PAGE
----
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Personality of the Week: Fule Valentine, The Designer Leaving a Lasting Imprint on the African Cup of Nations – And Cameroon

Fule Valentine, the fashion designer who designed the Afcon ball. Photo : Leocadia Bongben

When the echoes of the most-watched African Cup of Nations, ever, finally settle around Yaounde’s Olembe Stadium, there is one person who is sure to continue revelling in the glory of the event, won by Senegal. His name is Fule Valentine, he is a Cameroonian designer and our personality of the week.

By Leocadia Bongben, bird story agency

On November 23, 2021, the Confederation of African Football (CAF) publically unveiled the official match ball of the African Cup of Nations. The “new official match ball” was named “Toghu”, after traditional garb that is very popular in Cameroon. The ball would be used by the 24 teams during 52 matches to be played in the competition between January 9 and February 6, 2022.

“Toghu represents tradition, ornate, glory, heritage, and unity,” CAF tweeted.

Perched on a street corner in the Obili neighbourhood of Yaoundé, is a workshop that was set up in 1998 during the World Cup in France to design Toghu, the handmade regalia originally worn by kings and queens from the Northwest region of Cameroon and which had become a popular attire among Cameroonians.

These days, the rattling of sewing machines welcomes visitors who are encouraged to inspect the colourful and beautifully embroidered garments displayed in different sizes and shapes in the workshop.

These are the latest versions of Toghu garments, each ornately crafted and this is the busy centre of operations for fashion designer Fule Valentine. It was here that he conceived of the design that was to be stamped on the match ball, the “Toghu”.

“The design on the AFCON 2022 match ball is tiger teeth made in a zigzag form, representing the design on the Toghu,” Fule explained.

Where it all began

The journey to deliver the design began with a phone call from the local organising committee for the African Cup of Nations but Fule’s journey and engagement with sports designs began a lot earlier.

At the 2016 Africa Women’s Nations Cup – during which Nigeria defeated Cameroon to lift the trophy – Fule dressed traditional dancers from the Northwest and Western regions of Cameroon as well as the musicians who sang the anthem at the opening and closing ceremonies in traditional regalia.

The same year, the designer was called on to conceived and design the attire for Cameroon’s Olympics team.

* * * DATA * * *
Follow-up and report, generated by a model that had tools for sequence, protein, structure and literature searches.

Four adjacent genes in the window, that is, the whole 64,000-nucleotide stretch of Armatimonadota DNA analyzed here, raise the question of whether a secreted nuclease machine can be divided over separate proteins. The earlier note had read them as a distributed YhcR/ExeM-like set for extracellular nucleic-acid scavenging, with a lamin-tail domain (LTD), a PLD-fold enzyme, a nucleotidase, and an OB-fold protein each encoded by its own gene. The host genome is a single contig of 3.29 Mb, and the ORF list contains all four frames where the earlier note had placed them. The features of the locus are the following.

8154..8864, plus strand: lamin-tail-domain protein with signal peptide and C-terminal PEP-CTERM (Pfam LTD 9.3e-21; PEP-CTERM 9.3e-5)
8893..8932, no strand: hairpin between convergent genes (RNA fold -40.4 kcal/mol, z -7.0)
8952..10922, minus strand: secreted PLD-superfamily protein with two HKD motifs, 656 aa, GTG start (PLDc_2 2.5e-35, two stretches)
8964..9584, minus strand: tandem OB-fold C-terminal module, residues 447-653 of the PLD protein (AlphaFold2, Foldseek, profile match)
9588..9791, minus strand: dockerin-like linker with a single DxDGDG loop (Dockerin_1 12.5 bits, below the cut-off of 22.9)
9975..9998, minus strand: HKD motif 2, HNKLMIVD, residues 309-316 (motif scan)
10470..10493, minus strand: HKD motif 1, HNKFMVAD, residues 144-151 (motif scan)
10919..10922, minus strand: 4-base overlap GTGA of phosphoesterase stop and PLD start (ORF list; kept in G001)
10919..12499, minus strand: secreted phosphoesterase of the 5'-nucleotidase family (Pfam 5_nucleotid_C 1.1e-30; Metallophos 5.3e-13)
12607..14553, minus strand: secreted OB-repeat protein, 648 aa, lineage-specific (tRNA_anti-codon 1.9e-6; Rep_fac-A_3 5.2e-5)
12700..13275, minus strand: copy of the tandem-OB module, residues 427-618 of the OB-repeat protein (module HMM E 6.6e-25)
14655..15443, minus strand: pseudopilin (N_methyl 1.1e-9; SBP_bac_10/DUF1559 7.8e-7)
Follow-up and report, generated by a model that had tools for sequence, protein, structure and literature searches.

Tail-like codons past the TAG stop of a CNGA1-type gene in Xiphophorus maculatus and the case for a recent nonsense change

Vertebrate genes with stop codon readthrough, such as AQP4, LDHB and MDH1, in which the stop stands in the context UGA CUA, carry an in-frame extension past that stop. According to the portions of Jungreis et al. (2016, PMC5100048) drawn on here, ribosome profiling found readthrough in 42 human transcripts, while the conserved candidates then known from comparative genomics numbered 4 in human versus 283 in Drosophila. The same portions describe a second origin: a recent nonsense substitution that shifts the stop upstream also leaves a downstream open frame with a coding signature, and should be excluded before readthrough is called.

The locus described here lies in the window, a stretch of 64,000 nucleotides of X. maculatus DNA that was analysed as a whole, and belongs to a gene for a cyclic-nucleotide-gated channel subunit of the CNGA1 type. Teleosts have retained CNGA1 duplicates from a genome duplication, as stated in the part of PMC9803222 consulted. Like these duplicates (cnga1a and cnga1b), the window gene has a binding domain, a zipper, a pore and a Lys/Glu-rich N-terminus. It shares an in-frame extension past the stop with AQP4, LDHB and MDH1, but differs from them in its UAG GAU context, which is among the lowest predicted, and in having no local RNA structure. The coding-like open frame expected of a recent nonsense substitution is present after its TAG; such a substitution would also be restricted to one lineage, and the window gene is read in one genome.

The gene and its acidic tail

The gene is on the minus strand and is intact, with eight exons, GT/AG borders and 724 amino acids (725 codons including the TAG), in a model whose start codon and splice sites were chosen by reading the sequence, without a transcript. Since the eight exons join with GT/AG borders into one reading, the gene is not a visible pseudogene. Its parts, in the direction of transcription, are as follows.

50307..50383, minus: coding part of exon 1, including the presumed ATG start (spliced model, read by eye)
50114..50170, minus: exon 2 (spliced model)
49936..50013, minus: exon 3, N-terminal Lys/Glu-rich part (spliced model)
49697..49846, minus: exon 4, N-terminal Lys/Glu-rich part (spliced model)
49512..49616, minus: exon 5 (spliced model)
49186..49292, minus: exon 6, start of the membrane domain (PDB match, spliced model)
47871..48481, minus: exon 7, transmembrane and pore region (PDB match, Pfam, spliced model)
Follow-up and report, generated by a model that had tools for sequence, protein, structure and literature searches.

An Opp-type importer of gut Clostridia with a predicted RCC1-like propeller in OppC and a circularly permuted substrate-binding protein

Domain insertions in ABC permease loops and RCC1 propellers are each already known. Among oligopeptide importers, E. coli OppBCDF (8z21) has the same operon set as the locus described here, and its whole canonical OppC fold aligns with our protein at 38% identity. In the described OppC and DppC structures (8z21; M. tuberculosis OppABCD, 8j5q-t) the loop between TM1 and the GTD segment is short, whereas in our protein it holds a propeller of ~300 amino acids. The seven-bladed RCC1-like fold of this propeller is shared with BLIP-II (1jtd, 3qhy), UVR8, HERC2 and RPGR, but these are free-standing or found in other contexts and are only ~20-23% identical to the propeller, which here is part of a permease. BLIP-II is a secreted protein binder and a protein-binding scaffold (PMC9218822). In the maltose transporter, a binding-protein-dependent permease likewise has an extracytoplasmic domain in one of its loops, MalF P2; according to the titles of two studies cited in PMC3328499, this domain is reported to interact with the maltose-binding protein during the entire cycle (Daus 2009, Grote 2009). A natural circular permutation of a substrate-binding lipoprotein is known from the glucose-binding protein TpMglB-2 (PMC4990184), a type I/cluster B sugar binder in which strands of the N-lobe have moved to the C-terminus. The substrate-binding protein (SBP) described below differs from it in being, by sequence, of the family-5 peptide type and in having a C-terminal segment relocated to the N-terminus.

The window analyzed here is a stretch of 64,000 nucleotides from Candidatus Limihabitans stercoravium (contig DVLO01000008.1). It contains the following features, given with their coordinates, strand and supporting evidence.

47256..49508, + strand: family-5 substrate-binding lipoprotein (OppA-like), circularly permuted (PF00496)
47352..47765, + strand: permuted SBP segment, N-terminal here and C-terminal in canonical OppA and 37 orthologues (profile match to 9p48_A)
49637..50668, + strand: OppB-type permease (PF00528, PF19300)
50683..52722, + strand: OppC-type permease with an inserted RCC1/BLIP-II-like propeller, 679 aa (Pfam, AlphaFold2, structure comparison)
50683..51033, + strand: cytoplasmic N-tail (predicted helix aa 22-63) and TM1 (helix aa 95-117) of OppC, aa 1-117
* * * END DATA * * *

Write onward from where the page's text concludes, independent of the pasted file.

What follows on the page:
Cameroon was awarded a medal for the best uniform at the Rio 2016 Olympics, a medal that brought smiles to the faces of many of Fule’s countrymen and women, even though the country did not win a medal at any of the events. In 2020, the Cameroon uniform once again made a colourful entrance at the Olympics and was again voted one of the best.

So perhaps the phone call from the local organising committee of the African Cup of Nations was not entirely unexpected. After hearing what was required, Fule quickly got to work.

“I worked in the background with a delegation from Umbro to ensure the design on the ball was really the Toghu design,” said Fule, who hails from a family of artists.

A popular cultural dress

Fule is one of a number of designers transforming what was once the preserve of kings and queens and used only for traditional ceremonies, into a popular cultural dress worn proudly by many Cameroonians.

The original Toghu designs have been modernized in a number of ways and what began as a novelty is now found at weddings, parties and even in the office.

According to Paul Nkwi, a professor of African anthropology at the University of Yaounde, Toghu owes its origin to long-distance traders who introduced Cameroonian buyers to the cotton industry after travelling to Yola in Nigeria.

Nkwi believes that Toghu clothing and design are important elements for forging a common Cameroonian identity.

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“I feel great that my design was used. The designs can be found on the mascot shirt and some t-shirts for AFCON. We feel great and give glory to God,” Fule said.

The garments are still, however, hand-made and that throws up challenges when it comes to producing enough for the garments to become regular wear, he explained.

“The challenge is that it takes a longer time to embroider one dress, given that it is handmade, so we plead with the government to support us in opening vocational training centres for mass production,” he said.

Fule’s advice to young boys and girls is to look at the opportunities offered by Toghu embroidery and to be more like neighbouring Ghana and Nigeria where traditional wear is worn with pride and helps forge a common identity.

In the meantime, the Toghu design can still be seen in the slo-mo’s, as happy Senegalese fans replay their glory at the finals, again and again.

bird story agency

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